At the 20 thousand feet view, we can see the destination. The goal is clear: More women succeeding in the digital space. But when one gets closer to the ground, where reality is daily, change feels slow. Putting one foot in front of the other – change feels harder. The terrain is rough. While the wave of change is seemingly racing across the world, on the ground, it feels like we’re wading through water.
To reach a destination, we need not just personal stamina and teamwork, but also practical essentials like maps, tools, and survival kits. Maps tell us when we need to change course, which route is most efficient, and when we need to chart a new path.
There are the cultural unspoken practices of gender roles, societal expectations of motherhood that creep into our decision making, and the concerns that pop into every woman’s mind: How do I maintain my career velocity as life’s realities hit? Is the barrier one of talent shortage? Or is it a lack of support infrastructure like affordable childcare? There is a reason why Bain & Company found in its 2014 survey that women start off with the same amount of motivation to reach top management as men, but within the first two years, that motivation drops from than 60 per cent while men’s remain the same.
Which are the hurdles that if solved, make the path that much easier to walk? Which are the tunnels that we need to blast to cross to the other side? Progress made in places like Iceland and Scandinavia provide some insight into our hurdles, but are there hurdles specific to women in tech in Asia? To Southeast Asia? To Singapore, even? What maps, tools, and survival kits do female technology entrepreneurs need here in Singapore? What do we need to do as a society to help this group race to the pinnacle?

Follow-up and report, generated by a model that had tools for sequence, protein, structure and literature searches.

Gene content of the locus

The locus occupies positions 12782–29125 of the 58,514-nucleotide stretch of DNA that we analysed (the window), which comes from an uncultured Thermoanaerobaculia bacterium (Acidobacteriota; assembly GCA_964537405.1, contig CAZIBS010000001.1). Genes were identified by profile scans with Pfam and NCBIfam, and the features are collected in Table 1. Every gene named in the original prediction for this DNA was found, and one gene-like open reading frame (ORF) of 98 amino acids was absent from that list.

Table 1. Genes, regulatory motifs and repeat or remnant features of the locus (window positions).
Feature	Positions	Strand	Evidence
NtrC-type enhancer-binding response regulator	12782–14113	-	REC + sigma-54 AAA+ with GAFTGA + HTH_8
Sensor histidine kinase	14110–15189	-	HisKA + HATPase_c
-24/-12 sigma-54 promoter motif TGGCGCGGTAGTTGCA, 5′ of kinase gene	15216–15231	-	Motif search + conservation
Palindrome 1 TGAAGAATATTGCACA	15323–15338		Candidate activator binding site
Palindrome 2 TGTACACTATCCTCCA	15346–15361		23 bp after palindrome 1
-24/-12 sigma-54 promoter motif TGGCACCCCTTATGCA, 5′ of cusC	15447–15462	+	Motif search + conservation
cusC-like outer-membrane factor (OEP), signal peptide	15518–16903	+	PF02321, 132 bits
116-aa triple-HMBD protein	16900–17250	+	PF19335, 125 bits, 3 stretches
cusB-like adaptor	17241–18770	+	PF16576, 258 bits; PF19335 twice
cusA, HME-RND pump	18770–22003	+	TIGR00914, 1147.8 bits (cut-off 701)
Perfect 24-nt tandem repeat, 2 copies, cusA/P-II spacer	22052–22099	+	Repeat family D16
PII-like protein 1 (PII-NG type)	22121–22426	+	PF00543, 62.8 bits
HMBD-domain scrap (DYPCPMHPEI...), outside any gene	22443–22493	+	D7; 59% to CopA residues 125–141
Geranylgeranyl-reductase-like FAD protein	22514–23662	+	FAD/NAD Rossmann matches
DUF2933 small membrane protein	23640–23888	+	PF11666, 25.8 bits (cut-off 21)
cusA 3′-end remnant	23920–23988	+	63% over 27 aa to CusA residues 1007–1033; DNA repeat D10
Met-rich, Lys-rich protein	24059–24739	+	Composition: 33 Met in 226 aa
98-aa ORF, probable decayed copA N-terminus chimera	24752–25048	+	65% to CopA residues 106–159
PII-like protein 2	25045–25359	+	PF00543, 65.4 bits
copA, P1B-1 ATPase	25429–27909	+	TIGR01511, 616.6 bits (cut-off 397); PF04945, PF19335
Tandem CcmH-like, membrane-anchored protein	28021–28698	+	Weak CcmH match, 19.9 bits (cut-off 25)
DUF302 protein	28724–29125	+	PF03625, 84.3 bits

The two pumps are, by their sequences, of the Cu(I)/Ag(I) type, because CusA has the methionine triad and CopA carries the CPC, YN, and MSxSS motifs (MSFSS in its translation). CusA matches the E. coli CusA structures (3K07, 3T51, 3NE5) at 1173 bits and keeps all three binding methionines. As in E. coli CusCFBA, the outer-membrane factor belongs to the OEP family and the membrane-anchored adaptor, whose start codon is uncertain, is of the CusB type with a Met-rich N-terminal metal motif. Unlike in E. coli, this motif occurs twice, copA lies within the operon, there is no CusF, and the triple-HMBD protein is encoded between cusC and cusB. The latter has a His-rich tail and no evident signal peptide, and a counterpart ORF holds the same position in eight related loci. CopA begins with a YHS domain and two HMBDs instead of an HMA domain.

Also Read: Why women and tech are a rocking combination
These are the questions Female Founders want to answer. We want to inspire, support and connect tech enabled women entrepreneurs and those just thinking of walking down this path with the tools and network they need to succeed.
Our vision is to make tech entrepreneurship accessible to any woman who has the right tech or digital idea
And we want our support to be fact-based. We can conjecture based on hearsay or experiences in the Singaporean context.
If you are or used to be a female entrepreneur who works in a technology-driven business, this is a call-to-action for you: Be part of the wave of change and help clear the fog on the ground by contributing to the Female Founders Entrepreneurs Survey.
To build the right tools, policies, infrastructures, we need to know what we’re tackling. Completing this survey will help focus our programmes, tools, and direction for action.
Change makers aren’t just the bold ones. Anyone can be a change maker. As you charge forward on your entrepreneurial path, relay what you see and what you experience back to base camp. Help your fellow marchers. And together, we will scale Mount Everest.
The fever of women empowerment is rising and the temperature is always hottest before a fever breaks.
The time for women entrepreneurs is now. Let’s make their dream a reality. Together.
The views expressed here are of the author’s, and e27 may not necessarily subscribe to them. e27 invites members from Asia’s tech industry and startup community to share their honest opinions and expert knowledge with our readers. If you are interested in sharing your point of view, submit your post here.